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Working World in Transition

Ford is optimizing its production processes with motion tracking

Take it easy! Motion tracking is being introduced to analyze and optimize fast movement processes. Ford is bringing the technology into its factory hall in a pilot project – and is thereby improving work processes for its employees.

14 Aug. 2018
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Ford is optimizing its production processes with motion tracking (Photo: YouTube/Ford Europe)

Motion tracking, often also referred to as body tracking or motion capture , is already being used in other industries: athletes use it, for example, to become even more efficient or faster. In the film and games industries, movements are reproduced with this technology on the screen or monitor that are as close to reality as possible. The automobile manufacturer Ford has now been trialing body tracking for about a year with 70 employees in its Spanish engine factory in Valencia . The employees wore a special suit equipped with 15 motion sensors in a total of 21 work areas. These, in turn, were connected to a wireless detection unit.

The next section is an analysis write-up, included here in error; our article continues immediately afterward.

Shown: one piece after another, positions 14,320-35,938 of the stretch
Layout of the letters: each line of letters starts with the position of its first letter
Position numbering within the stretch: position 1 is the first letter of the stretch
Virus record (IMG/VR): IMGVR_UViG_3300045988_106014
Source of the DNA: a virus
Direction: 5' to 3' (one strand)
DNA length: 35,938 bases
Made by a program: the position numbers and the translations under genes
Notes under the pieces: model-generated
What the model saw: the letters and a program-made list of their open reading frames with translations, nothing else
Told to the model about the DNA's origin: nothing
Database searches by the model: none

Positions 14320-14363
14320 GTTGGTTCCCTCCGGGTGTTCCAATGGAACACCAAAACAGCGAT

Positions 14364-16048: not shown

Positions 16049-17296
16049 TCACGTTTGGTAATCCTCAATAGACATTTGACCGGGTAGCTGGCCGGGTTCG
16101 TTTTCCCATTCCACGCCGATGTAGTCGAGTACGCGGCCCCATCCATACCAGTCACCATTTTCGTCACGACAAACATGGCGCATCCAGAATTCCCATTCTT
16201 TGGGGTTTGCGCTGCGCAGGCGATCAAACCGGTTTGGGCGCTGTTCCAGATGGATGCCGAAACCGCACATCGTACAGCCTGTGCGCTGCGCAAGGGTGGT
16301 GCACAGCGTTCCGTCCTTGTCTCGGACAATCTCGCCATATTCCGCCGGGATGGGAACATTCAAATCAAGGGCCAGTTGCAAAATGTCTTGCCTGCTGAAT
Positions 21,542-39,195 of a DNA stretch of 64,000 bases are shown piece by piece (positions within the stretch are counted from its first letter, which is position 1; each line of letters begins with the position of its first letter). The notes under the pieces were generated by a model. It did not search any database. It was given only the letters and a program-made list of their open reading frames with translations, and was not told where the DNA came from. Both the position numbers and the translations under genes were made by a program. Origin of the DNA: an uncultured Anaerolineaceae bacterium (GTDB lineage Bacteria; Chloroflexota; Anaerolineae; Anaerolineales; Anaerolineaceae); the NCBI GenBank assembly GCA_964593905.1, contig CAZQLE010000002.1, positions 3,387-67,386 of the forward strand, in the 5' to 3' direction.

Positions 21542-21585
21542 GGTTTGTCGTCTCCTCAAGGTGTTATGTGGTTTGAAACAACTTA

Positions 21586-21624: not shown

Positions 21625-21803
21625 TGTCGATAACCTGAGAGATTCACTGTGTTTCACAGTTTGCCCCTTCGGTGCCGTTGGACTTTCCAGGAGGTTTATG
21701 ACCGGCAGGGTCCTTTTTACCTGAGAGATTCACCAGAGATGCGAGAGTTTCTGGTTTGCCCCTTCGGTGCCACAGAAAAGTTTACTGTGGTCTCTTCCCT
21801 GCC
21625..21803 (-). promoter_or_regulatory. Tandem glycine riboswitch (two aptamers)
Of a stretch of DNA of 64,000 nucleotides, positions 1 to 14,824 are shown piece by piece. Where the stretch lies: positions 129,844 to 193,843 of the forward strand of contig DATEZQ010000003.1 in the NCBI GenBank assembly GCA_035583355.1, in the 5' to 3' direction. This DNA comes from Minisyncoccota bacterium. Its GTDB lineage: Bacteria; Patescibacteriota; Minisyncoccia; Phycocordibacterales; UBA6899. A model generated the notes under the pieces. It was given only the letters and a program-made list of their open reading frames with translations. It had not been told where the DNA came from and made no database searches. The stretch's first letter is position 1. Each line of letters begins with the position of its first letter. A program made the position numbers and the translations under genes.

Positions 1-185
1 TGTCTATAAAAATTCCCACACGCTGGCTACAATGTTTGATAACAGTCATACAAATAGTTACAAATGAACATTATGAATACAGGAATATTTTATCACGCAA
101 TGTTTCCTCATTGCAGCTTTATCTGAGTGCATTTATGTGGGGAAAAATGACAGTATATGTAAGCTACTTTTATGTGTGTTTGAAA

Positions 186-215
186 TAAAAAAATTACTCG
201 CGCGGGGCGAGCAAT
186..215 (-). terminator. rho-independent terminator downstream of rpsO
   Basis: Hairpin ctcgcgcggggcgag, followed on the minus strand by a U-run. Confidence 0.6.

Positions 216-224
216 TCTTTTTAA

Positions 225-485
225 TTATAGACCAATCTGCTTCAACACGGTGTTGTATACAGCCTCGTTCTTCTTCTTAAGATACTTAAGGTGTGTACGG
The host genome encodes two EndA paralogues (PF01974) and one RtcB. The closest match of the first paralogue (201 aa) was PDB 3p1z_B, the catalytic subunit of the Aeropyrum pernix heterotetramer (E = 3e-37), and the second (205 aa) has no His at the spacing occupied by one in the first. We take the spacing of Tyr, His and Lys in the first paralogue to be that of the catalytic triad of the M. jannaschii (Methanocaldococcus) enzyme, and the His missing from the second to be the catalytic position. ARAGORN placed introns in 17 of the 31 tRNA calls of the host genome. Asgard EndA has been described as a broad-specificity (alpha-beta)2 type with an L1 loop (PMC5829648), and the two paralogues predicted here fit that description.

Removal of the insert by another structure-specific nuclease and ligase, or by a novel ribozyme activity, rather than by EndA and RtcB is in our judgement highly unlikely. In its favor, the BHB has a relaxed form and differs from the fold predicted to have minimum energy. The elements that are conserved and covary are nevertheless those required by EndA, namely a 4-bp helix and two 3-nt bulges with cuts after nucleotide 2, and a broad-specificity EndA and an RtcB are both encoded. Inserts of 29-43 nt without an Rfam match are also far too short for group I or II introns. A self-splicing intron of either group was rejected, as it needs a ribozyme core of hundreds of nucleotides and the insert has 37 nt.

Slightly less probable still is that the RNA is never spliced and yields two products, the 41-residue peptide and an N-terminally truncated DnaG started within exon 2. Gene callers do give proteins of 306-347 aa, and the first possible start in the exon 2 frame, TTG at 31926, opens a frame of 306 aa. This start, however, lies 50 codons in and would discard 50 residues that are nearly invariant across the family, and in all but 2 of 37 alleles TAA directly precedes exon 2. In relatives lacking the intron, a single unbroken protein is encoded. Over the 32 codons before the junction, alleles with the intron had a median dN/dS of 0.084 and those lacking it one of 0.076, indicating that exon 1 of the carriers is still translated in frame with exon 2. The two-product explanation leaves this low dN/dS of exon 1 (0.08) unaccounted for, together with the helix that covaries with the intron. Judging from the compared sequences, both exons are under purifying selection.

During the project phase, the system collected a large amount of data, as four motion tracking cameras recorded the movements. As a result, it was possible to transfer the employees’ movements while working to a 3D skeleton model. Experts in ergonomics then derived recommendations from this to improve the employees’ posture. Ford is already considering extending the project to other European sites.

The technology is also used in robotics, among other areas. At the Hanover Trade Fair 2018 , for example, Festo presented the BionicFlyingFox : the robot imitates the movement of the flying fox. To allow it to move semi-autonomously, a motion tracking system permanently records its current position with cameras.